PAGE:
Coordination of Notified Bodies for PPE
Considering the European Vertical Group 10, which deals with issues involving foot and leg protectors.
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The European Directive 89/686 for personal protective equipment (PPE) covers products designed to offer protection to the wearer’s feet, such as safety footwear. The primary purpose of the directive is to break down barriers to trade within the EU by harmonising safety standards. Prior to its introduction, manufacturers wanting to sell products in several European countries were required to test the product against each country’s national standard.
Since the inception of the PPE Directive and the single European market, these national standards have mostly been replaced by new pan-European standards that are created by European technical committees and then translated into the various European languages before being published. This has gone a long way towards standardising test and certification procedures, and allows a product tested and certified in one country to be sold throughout Europe.
The now familiar symbol is affixed by the manufacturer to declare conformity and, thereby, permit free movement of goods. However, there is still some way to go and, although all member states are now working to the same base documents (such as EN ISO 20345 in the case of safety footwear), these still include many ambiguities and have critical information missing.
As part of the European certification procedures that support CE marking to the PPE Directive, there is a requirement for Notified Bodies (see box 1) to coordinate their activities, so that where possible any differences in interpretations can be discussed and a common approach agreed. The main mechanism for the arrangement of this activity is through committees that are commonly referred to as ‘Vertical Groups’ (VGs). The role of these VGs is to promote communication and coordination between the various Notified Bodies that carry out test and certification activities throughout Europe, in an attempt to reduce inconsistencies that can occur.
|Box 1: Notified Bodies
|Notified Bodies (NBs) are EU-based organisations which, on the basis of their ability to carry out the examinations and tests required for CE marking of PPE, have been appointed by the government of that country and notified to the EU Commission. SATRA is a Notified Body for most types of PPE, including safety footwear.
There is a vertical group for each main product sector – for instance, VG1 covers head protection and VG10 covers foot and leg protection. These deal with issues specific to a particular product. Issues that relate to more than one product sector are discussed by a Horizontal Group, which coordinates the activities of the Vertical Groups.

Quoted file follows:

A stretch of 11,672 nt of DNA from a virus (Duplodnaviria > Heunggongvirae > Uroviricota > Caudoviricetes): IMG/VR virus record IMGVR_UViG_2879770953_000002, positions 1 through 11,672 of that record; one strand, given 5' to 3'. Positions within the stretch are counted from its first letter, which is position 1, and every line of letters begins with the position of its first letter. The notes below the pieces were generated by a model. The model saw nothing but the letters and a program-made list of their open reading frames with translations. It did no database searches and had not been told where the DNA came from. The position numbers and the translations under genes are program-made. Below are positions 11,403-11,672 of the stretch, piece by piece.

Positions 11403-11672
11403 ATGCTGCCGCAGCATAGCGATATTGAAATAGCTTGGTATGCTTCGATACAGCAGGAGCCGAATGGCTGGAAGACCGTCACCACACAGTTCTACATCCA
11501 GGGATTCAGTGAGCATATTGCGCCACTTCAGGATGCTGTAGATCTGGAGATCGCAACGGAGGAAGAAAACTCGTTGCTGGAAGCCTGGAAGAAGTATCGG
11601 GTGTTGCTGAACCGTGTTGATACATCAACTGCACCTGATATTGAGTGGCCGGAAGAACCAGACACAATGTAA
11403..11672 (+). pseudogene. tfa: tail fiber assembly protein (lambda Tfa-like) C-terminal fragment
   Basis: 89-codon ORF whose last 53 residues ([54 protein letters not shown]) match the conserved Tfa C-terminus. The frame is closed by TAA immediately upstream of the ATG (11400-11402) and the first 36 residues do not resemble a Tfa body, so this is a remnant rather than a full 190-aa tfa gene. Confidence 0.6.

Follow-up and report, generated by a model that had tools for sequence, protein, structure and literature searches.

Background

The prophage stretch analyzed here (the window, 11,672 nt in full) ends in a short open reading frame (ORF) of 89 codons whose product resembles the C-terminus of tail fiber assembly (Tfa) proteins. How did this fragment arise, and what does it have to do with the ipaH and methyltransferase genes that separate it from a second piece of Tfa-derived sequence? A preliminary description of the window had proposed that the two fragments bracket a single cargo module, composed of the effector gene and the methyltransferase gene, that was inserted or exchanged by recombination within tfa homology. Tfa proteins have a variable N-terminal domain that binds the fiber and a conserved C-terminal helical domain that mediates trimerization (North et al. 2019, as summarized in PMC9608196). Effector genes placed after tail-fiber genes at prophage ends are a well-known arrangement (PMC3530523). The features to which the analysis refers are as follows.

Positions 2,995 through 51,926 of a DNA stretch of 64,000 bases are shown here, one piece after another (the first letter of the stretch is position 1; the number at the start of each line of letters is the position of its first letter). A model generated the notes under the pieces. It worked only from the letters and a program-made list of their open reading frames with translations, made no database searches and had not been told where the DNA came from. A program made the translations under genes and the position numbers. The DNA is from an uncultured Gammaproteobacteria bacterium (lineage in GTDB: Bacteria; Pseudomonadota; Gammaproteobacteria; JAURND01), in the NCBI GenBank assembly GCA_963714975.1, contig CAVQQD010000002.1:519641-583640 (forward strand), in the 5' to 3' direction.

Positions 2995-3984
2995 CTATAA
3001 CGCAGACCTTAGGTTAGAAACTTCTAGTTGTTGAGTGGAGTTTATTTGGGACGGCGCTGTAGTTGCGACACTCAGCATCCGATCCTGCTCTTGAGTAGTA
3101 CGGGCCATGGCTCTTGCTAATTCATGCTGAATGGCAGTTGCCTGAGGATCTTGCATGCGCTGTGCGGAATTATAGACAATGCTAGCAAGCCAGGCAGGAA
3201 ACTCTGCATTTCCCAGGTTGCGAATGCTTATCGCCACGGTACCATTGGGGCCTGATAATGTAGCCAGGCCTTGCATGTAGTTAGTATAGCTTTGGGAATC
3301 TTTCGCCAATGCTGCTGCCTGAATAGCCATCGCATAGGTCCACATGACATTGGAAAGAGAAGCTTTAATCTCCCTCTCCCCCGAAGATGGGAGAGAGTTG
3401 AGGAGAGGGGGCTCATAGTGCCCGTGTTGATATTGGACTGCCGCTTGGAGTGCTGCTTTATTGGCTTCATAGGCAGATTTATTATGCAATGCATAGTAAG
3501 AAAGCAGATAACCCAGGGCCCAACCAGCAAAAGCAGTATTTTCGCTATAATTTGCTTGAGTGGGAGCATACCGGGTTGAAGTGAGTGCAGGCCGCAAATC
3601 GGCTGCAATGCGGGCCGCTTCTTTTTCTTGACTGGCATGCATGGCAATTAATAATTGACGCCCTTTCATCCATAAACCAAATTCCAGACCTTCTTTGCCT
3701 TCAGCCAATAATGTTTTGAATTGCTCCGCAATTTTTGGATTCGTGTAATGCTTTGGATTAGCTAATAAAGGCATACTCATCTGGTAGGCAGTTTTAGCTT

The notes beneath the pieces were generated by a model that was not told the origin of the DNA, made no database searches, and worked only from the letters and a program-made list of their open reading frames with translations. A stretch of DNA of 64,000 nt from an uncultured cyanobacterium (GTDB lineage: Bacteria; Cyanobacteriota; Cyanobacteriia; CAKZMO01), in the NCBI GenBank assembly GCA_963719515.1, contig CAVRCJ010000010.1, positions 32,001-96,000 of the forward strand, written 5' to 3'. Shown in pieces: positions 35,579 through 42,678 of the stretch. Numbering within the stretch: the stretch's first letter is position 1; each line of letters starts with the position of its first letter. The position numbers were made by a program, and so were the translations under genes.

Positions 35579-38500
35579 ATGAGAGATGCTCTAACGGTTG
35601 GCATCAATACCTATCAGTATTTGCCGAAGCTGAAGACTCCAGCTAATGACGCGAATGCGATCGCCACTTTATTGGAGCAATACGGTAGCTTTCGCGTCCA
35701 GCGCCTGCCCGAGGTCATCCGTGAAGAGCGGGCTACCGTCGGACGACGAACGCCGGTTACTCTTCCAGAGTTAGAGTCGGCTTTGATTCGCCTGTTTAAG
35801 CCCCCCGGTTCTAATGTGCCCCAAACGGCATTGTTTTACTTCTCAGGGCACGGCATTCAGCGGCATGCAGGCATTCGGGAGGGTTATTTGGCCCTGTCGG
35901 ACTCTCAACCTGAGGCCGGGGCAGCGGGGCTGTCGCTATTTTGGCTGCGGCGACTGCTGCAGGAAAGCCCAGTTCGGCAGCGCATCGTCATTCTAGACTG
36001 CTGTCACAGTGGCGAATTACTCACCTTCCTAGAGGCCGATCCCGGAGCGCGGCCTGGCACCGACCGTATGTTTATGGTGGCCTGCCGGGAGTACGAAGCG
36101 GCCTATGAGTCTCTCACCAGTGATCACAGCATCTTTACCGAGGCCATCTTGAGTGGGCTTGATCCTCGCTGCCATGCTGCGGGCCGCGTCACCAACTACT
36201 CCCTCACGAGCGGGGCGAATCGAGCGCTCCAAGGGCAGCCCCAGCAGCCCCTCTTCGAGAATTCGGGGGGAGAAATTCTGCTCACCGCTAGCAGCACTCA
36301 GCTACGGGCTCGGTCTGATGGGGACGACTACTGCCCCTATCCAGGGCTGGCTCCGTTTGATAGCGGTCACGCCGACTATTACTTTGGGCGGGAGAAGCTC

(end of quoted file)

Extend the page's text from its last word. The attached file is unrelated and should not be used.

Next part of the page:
In general, development of a recommended solution is a two-stage process that starts with the generation of a ‘proposal for enquiry sheet’. After a period of discussion and comment, this usually progresses to production of a ‘Recommendation for use sheet’ (RfU). If the question is felt to be unnecessary or no answer can be found, no RfU sheet will be produced. To date, VG10 has produced over 180 RfU sheets. As recommended solutions to a particular problem, the decisions made by the Vertical Groups are not binding, although there is some pressure on the Notified Bodies to treat them as such.
Each Notified Body is at liberty to decide whether or not it agrees with a particular recommended solution. Where appropriate, however, these recommended solutions are circulated to the relevant CEN technical committee so that they can be taken into consideration when the product standard is revised. Therefore, they provide a possible insight into future development of a product standard.
In order to make sure our knowledge and experience is always kept fully up-to-date, SATRA attends all such meetings covered by our Notified Body scope. SATRA delegate Peter Doughty currently chairs VG10, with the most recent meeting having been held in Helsinki during May. At this time, a total of 19 proposals for enquiry sheets were discussed, and this led to seven new RfU sheets being agreed. These RfUs covered topics such as clarification of slip resistance test procedures, marking requirements, overshoes, testing of foundry footwear and procedures for certification of orthopaedic footwear. The group also agreed to organise an interlaboratory trial on water absorption testing of insole materials. The next meeting of VG10 is planned for March 2014, where further questions will be discussed.
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This article was originally published on page 12 of the July/August 2013 issue of SATRA Bulletin.